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Saudi withdraws 70 billion from asset managers

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Saudi Arabia has withdrawn as much as $70 billion of its assets held abroad as the kingdom’s lavish spending and its destructive war on Yemen is burning through reserves at a blistering pace. 

According to financial services market intelligence company Insight Discovery, Saudi rulers are using the assets to plug the budget deficit which the International Monetary Fund predicts to exceed $107 billion this year.

The financial news and data provider Bloomberg, citing asset managers, said the Saudi Arabian Monetary Authority (SAMA) has pulled out between $50 billion to $70 billion of the funds held abroad over the past six months.

“Saudi Arabia is withdrawing funds because it’s trying to cut its widening deficit and it’s financing the war in Yemen,” it quoted Nigel Sillitoe, CEO of the Dubai-based Insight Discovery, as saying.

The kingdom is facing a backlash from its move to flood the market with excess oil in order to drive down prices for political reasons.

Saudi Arabia’s foreign reserves have hit record lows from a peak of $737 billion in August 2014 and are falling by at least $12 billion a month at current levels.

“Foreign-exchange reserve depletion, rather than accumulation, is the new reality for Saudi Arabia. None of this should come as much surprise given the current-account deficit and risk of capital flight,” Bloomberg said.

Saudi Arabia faces a crisis after its misjudged gamble on oil.

Oil income accounts for about 80% of revenue in the country of about 30 million people.

With spending forecast to reach 1,082 billion riyals (more than $270 billion) this year, Saudi Arabia’s fiscal deficit could rise to around $140 billion or 20% of GDP, according to the IMF.

Saudi rulers have already borrowed $4 billion from local banks and plan to raise as much as $26 billion in bonds before the end of the year.

Standard and Poor’s cut its credit outlook for Saudi Arabia in February to negative from stable, saying it viewed the country’s economy “as undiversified and vulnerable to a steep and sustained decline in oil prices”.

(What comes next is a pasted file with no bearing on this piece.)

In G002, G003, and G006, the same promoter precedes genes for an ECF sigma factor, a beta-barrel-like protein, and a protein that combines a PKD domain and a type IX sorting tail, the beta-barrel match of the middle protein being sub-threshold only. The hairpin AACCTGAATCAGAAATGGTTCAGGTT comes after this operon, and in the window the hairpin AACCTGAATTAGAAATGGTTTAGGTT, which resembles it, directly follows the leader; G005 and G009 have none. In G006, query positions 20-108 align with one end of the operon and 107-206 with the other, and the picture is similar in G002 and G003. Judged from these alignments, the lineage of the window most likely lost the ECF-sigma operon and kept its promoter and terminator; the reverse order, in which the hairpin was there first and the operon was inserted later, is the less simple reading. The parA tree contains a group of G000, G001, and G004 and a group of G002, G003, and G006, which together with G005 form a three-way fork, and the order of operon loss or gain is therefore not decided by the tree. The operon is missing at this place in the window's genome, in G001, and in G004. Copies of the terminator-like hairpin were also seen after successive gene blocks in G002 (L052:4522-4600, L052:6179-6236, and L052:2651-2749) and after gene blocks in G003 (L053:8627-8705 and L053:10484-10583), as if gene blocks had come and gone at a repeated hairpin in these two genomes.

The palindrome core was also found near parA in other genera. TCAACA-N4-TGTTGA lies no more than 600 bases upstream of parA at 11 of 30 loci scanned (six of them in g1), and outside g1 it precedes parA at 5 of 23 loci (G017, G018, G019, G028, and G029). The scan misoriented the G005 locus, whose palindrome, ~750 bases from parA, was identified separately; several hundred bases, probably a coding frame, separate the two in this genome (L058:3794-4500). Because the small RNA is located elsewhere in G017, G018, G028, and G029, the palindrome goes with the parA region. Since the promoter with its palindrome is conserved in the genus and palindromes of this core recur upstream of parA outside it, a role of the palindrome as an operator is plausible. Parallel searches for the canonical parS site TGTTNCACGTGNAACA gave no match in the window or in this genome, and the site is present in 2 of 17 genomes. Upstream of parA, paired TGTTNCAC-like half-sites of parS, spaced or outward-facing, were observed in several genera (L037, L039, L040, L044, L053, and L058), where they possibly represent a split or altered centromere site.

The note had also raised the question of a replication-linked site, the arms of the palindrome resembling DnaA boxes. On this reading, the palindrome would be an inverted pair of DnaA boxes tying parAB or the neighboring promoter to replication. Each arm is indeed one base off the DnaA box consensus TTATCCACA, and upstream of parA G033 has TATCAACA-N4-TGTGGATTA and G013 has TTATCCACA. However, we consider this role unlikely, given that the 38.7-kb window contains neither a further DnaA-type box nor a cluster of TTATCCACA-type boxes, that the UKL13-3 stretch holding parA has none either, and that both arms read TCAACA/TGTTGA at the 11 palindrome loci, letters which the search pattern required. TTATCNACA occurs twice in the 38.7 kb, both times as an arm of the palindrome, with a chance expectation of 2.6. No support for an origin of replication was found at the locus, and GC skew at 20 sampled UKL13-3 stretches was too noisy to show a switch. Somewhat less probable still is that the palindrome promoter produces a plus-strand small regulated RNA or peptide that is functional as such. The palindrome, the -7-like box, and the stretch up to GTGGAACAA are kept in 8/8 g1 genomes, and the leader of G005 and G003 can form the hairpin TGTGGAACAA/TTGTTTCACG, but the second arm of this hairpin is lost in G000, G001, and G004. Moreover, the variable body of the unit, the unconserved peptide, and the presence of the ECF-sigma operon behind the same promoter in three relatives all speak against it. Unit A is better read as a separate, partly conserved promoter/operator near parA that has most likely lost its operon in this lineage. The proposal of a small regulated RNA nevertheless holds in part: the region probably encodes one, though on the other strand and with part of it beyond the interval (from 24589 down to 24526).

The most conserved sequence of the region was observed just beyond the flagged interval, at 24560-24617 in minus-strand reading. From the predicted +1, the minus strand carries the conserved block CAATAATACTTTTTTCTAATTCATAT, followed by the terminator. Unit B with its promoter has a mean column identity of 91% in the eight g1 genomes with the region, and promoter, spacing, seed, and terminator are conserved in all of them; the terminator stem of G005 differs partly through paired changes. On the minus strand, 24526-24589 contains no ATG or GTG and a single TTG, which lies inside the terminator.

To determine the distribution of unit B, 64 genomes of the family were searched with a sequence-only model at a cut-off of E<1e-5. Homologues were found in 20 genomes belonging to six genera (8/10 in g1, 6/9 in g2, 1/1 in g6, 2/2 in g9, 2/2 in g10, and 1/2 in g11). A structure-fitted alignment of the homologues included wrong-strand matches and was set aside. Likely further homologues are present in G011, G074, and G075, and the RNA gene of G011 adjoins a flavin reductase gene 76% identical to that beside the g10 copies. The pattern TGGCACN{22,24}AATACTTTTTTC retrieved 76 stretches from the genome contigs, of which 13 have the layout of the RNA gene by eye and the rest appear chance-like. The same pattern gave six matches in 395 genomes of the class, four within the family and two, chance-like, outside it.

The kingdom’s finances are depleted at an alarming rate by continued subsidies, handouts to public sector workers in order to keep dissent in check, the Yemen war and a patronage system which has expanded over years.

Saudi Arabia is also engaged in a massive military buildup that will catapult the kingdom to the fifth place in the world ranking for military spending.

10 Comments on "Saudi withdraws 70 billion from asset managers"

  1. ghung on Wed, 30th Sep 2015 6:50 pm 

    Easy come – Easy go. “…withdrawn as much as $70 billion of its assets…”

    ‘Withdrawn’? Is that sort of like selling shit to cover your losses? Exactly like selling shit to cover your losses?

    What happens when there are no buyers?

  2. apneaman on Wed, 30th Sep 2015 6:56 pm 

    It’s expensive to keep the Saudi youth extracurricular activities programmes running. Would not want all that testosterone misdirected.

  3. BC on Wed, 30th Sep 2015 7:27 pm 

    I personally know asset managers facilitating Arab oil emirates’ selling of real estate, corporate debt, and other US assets. It appears that the process is only beginning.

  4. makati1 on Wed, 30th Sep 2015 9:00 pm 

    BC: Yep! The first snow crystal is rolling down the mountain hitting others as it passes and increasing the flow. The selling of assets/USBs/USTs, etc will accelerate as the collapse avalanche continues. Should be an exciting show.

  5. makati1 on Wed, 30th Sep 2015 9:04 pm 

    Ap, got that right. Most of Saudi’s population is supported in some way by the oil profits. Millions of unemployed, dissatisfied young men are a danger to any government. The explosions could happen in many countries these days. Europe is ripe. So is Japan. Even the US. China is shipping it’s problems out to ‘protect’ its far flung commercial interests. Should be interesting.

  6. Baptised on Thu, 1st Oct 2015 1:18 pm 

    So this money problem was self imposed and SA is buying military items. Could some of their reasoning be, Get bonds out of USA? 18 trillion in dept and still rising.

  7. makati1 on Thu, 1st Oct 2015 8:47 pm 

    Baptised, I think you may be correct. What better excuse to pull out of USDs than a problem requiring that cash now? There are some $4 Trillion worth of those IOUs to be redeemed. What will that do to the US economy? Print Zimbabwe style until it all crashes down? We shall see.

  8. BobInget on Fri, 2nd Oct 2015 2:12 pm 

    While I don’t doubt for a minute the basic truth of the piece, reread it and see how almost every word is slanted against the Kingdom’s survival.

    (Press TV is the Iranian propaganda arm)

    Whatdaya expect, sympathy?

  9. Davy on Fri, 2nd Oct 2015 2:15 pm 

    Exactly BB, extremism is the name of the game today. We as a global people are looking more and more like what happened in the 30’s

  10. BobInget on Fri, 2nd Oct 2015 2:17 pm 

    As for safe harbors, look North.. Unless you live around the Arctic Circle. Then, keep drying fish.

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